Paul Sawers was a reporter with The Next Web in various roles from May 2011 to November 2014. Follow Paul on Twitter: @psawers or check h Paul Sawers was a reporter with The Next Web in various roles from May 2011 to November 2014. Follow Paul on Twitter: @psawers or check him out on Google+.
A staggering 35-hours of video is uploaded onto YouTube every minute. And if you are one of the many millions of people actively contributing to the upstream of digital video onto the Web’s preeminent video-sharing portal, there’s a good chance you’ve at least flirted with copyright infringement.
But whether a copyright has been infringed or not isn’t always black and white (no video-related pun intended). If you overdub a full audio track of the Beatles onto footage of you larking about with your friends, then you’re almost certainly in violation of the Beatles’ right to be paid for their work.
That said, Macca and Ringo won’t be going hungry any time soon. And whether or not anyone’s actually bothered enough about your paltry 25 views to file a complaint is another matter altogether. But if you unintentionally create a monster YouTube hit that draws in the world’s curious eyes and ears, then you may be asked to remove the video.
You are then allowed a second misdemeanor without any serious repercussions but a third strike and your YouTube account will be closed down. That’s where fair use comes into play. You’re generally allowed to use segments, snippets or snapshots of copyrighted content if they are genuinely insubstantial or are otherwise incidental to the main subject of the video.
A good example of this scenario is the classic Evolution of Dance video (160 million views and counting) that uses a medley of classic hits as a backdrop to demonstrate how dancing has changed over the past six decades. The music is in the actual room (rather than overdubbed onto the video) and no more than about ten seconds is used from each song.
Of course, the ‘real’ infringements – the ones that the major copyright-owning media companies are bothered about – are the ones you really want to be careful about. So don’t upload full episodes of the TV show Friends unless you want to invoke the wrath of YouTube’s ‘3 strike’ policy.
Google vs. Viacom
The ongoing and much-covered Viacom vs. Google case is a exemplary case-in-point of where we currently stand with copyright and where we’re likely to go.
Google fended off Viacom’s attempt to sue the Internet giant over copyright infringement on YouTube in June. The main reason the judge sided with Google was that “mere knowledge” of such activity wasn’t enough and that whenever YouTube was given a notice, it removed the offending material.
This was a key provision in the Digital Millennium Copyright Act (DMCA) that protects media aggregation services such as YouTube from being collared by the long digital-arm of the law. And it’s one of the reasons why you and me can enjoy endless hours of entertainment online.
The initial defeat hasn’t stopped Viacom from going back for more, however, with the pending appeal likely to see the case dragging on much longer than the three years-plus it has so far.
Goliath vs. Goliath
However, this amounts to much more than a Goliath vs. Goliath court case. The future of the web as we know it hinges on this outcome, and the implications of victory for Viacom would be far-reaching. It will set a precedent upon which many similar cases in the future would be based upon.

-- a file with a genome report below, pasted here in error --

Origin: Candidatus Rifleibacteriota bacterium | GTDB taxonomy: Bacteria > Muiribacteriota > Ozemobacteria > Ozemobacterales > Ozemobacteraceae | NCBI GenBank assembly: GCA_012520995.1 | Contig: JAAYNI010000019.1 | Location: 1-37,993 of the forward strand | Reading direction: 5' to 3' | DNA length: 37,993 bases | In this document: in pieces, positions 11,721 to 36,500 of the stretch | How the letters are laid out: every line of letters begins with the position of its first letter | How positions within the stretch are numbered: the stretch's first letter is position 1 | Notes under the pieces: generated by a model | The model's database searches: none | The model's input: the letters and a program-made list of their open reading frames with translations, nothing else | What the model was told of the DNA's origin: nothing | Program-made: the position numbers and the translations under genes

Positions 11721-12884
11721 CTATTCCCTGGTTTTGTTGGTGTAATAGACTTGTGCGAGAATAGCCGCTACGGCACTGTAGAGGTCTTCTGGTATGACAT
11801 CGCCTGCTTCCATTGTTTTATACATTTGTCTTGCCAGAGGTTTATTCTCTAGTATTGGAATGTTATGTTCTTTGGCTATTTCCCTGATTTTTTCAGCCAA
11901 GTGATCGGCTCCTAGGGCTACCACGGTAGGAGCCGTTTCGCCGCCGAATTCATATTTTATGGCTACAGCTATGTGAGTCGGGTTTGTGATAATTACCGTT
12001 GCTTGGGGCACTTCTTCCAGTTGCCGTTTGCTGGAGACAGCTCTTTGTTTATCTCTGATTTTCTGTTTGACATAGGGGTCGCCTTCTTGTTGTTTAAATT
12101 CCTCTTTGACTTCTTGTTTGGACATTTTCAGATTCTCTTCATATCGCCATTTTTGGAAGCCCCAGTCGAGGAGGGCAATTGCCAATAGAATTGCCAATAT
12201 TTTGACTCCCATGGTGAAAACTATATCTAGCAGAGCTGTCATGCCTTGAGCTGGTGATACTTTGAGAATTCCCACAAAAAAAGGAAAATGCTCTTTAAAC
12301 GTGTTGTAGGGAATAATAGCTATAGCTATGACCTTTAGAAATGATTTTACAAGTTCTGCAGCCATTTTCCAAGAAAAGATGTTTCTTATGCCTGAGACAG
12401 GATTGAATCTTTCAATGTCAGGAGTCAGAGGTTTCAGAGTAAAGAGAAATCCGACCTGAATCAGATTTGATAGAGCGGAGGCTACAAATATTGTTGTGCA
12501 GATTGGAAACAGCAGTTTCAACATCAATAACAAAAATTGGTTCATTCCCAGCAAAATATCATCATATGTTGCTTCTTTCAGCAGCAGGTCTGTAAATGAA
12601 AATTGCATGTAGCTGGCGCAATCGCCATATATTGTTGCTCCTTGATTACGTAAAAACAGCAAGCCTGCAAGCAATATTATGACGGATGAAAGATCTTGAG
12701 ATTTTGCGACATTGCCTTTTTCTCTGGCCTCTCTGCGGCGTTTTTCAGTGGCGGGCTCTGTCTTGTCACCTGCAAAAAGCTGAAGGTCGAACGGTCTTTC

Most fair-minded people can understand Viacom wishing to protect its copyrighted material – and even many in favour of copyright reform would probably concede that Viacom’s case isn’t entirely without merit. After all, we all know that YouTube has hosted copyrighted material.
But let’s be clear about one thing: this case isn’t about whether YouTube hosts copyright material or not. The case is about who’s responsible for policing the uploaded material. Google is a massive corporation, but with over 50,000 hours of footage uploaded onto YouTube each day, it can’t monitor everything. And if it tried to, it would destroy what makes YouTube – and any social media tool – so effective. Instant and immediate is key. The lag-time between action, interaction and reaction must be kept to a minimum.
Google’s copyright management
Whilst acknowledging that Google can be criticised on many fronts, the way it has handled the issue of copyright infringement on YouTube has actually been quite good overall – even if its actions have sometimes been a little belated.
For example, the launch of AudioSwap back in 2007 allowed users to tap into an existing library of music to accompany their videos. You might not find The Beatles in there, but if all you’re after are some beats to complement your clips, you’ve a rather large range of music across all genres to choose from.
And for people looking to protect their copyright, there’s Content ID, which enables copyright holders to identify any of their work that’s being used on YouTube. This provides copyright holders with the option of blocking, tracking or even cashing in on their content.
Google recently announced further changes to the way it handles piracy issues, such as a promise to act on “reliable copyright takedown requests within 24-hours.” And it will seek to “prevent terms that are closely associated with piracy from appearing in Autocomplete.”
Responsibility for policing copyright infringements on YouTube has to remain in the hands of the copyright holders. Facilitated, of course, by whatever tools Google can bring to the table. It’s the most practical solution and will ensure that the web remains an open conduit of information.
To see the list of the 10 Most Watched YouTubes of 2010, click here.
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